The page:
Originally posted by madnos View Post
              So, my main question is what does someone need to do to get an invit to the ninja party?
              The abstract answer is "get involved with DEFCON and the community."

              The less abstract answer that you're probably looking for is to get someone to vouch for you. If you've been at DEFCON 6 years and you've socialized, you definitely know someone who can bring you along.

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              • #52
                Re: What's the point of defcon?

                Originally posted by barkode View Post
                ... So, getting involved is really no different than getting involved in DEFCON. Sure you can show up to DEFCON and walk around, but if you really want to be a part of it, you need to socialize and make yourself known to the group.
                I agree with this whole-heartedly. I first went to Defcon back during Defcon 5. I had a great time, but I didn't know anyone. Call it bad luck, or call it circumstance, the few times I actually talked to people at Defcon, I found them to be posers, loonies (claiming they could do things they couldn't) or uninteresting people that didn't have any skills.

                Each year after that, I continued to try a few times to get to meet and know people, but was always disappointed. The few people worth talking to were often surrounded by people waiting to talk to them after their presentation, or drunk and not quite coherent enough to have an in-depth discussion on any kind of technology beyond the fascinating engineering of bottle-openers. ;-)

                Around Defcon 9 or 10, I decided to attend a local DCG, which was really just a 2600 meeting with DC people. From there, I was able to speak with people that provided some insight to how socialization at Defcon tended to work (up until then.) Defcon was a place for people that already knew each other online or in-person in their region to meet up in-person in Las Vegas. This made sense, and so I attended a few DCG/2600 in the 5 or 6 months leading up to Defcon. I did get to know a few people, but it was nearly impossible to find them at Defcon once it started.

                The next plan I had, was to join the forums, and see if I could find any talented or skilled people on the forums that would be at Defcon. I actually read every single available thread and post on the Defcon forums. In doing this, I gained insight to what people's online personalities were like, and I understood the culture of the forums. I actually stopped using the forums because the value of the posts and content provided by the talented and well informed users was being squelched by asshatery, and mods being forced to use a banhammer on a nearly daily basis.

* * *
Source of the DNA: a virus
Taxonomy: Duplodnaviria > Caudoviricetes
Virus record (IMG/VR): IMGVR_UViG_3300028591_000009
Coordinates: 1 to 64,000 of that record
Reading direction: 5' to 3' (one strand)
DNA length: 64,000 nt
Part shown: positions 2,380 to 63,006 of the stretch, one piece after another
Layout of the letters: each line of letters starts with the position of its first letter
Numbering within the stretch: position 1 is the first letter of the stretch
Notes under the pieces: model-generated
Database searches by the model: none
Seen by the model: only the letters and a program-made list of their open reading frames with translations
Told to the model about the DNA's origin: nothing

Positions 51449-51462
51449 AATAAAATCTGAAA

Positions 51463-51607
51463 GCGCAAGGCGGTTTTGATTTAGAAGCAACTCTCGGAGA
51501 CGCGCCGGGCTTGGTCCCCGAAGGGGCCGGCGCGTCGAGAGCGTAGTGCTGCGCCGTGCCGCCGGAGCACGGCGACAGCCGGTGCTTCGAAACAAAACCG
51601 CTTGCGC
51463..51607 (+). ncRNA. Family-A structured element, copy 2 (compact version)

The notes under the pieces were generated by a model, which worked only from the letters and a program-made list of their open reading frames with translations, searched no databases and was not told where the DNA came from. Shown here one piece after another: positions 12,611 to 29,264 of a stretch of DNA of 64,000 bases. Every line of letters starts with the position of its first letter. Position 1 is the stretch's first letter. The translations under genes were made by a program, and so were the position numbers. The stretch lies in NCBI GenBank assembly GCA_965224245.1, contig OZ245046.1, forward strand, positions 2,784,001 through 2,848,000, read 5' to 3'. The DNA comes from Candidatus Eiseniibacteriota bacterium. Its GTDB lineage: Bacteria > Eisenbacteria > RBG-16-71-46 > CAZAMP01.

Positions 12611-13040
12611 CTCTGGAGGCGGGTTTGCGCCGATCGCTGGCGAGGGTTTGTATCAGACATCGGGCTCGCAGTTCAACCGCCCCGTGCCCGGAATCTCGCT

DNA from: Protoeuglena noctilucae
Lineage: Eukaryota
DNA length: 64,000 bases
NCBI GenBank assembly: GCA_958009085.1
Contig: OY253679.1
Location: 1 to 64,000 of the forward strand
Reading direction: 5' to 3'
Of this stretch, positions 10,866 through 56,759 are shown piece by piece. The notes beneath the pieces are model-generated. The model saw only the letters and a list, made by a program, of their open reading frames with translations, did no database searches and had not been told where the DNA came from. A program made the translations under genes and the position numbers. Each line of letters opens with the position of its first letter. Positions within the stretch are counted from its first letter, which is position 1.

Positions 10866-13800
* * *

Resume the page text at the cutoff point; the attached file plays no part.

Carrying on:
A few months before Defcon 11 or 12, I decided to join the forums again. This time, I was going to try to find people with similar skills by demonstrating skills and answering questions or discussing things that I was interested in learning more about. By demonstrating what I wanted, I hoped to lead my way to find people like me. This was a great success. LoST(boy), Voltage Spike, Chris, Skroo, and many more people showed they too could discuss technical issues, and even argue without resorting to the kind of content I found in /dev/null posts. 8 Months later, I became a Moderator on the forums, and 3 months after that, I became an Admin, eventually becoming the primary Admin.

                It is from this point of view that I can say the formula that worked for me in getting to meet many great Defcon people has been contribution of my time and helping to support Defcon. By, "putting myself out there," and working to improve what we had At Defcon, I went from an unknown outsider to someone that isn't immediately dismissed.

                This is nothing new. As much is suggested in the Unofficial Defcon FAQ with contributions from many, all assembled by HighWiz. Because of this, I suggest a similar path to anyone else looking to have a great time at Defcon:

                Join a DCG. Start a contest. Join a contest. Compete in a contest. Submit a paper for a presentation during the CFP. Volunteer. Do everything you can do to contribute to Defcon, and by doing so, you will meet more people, and they will get to know you as you get to know them.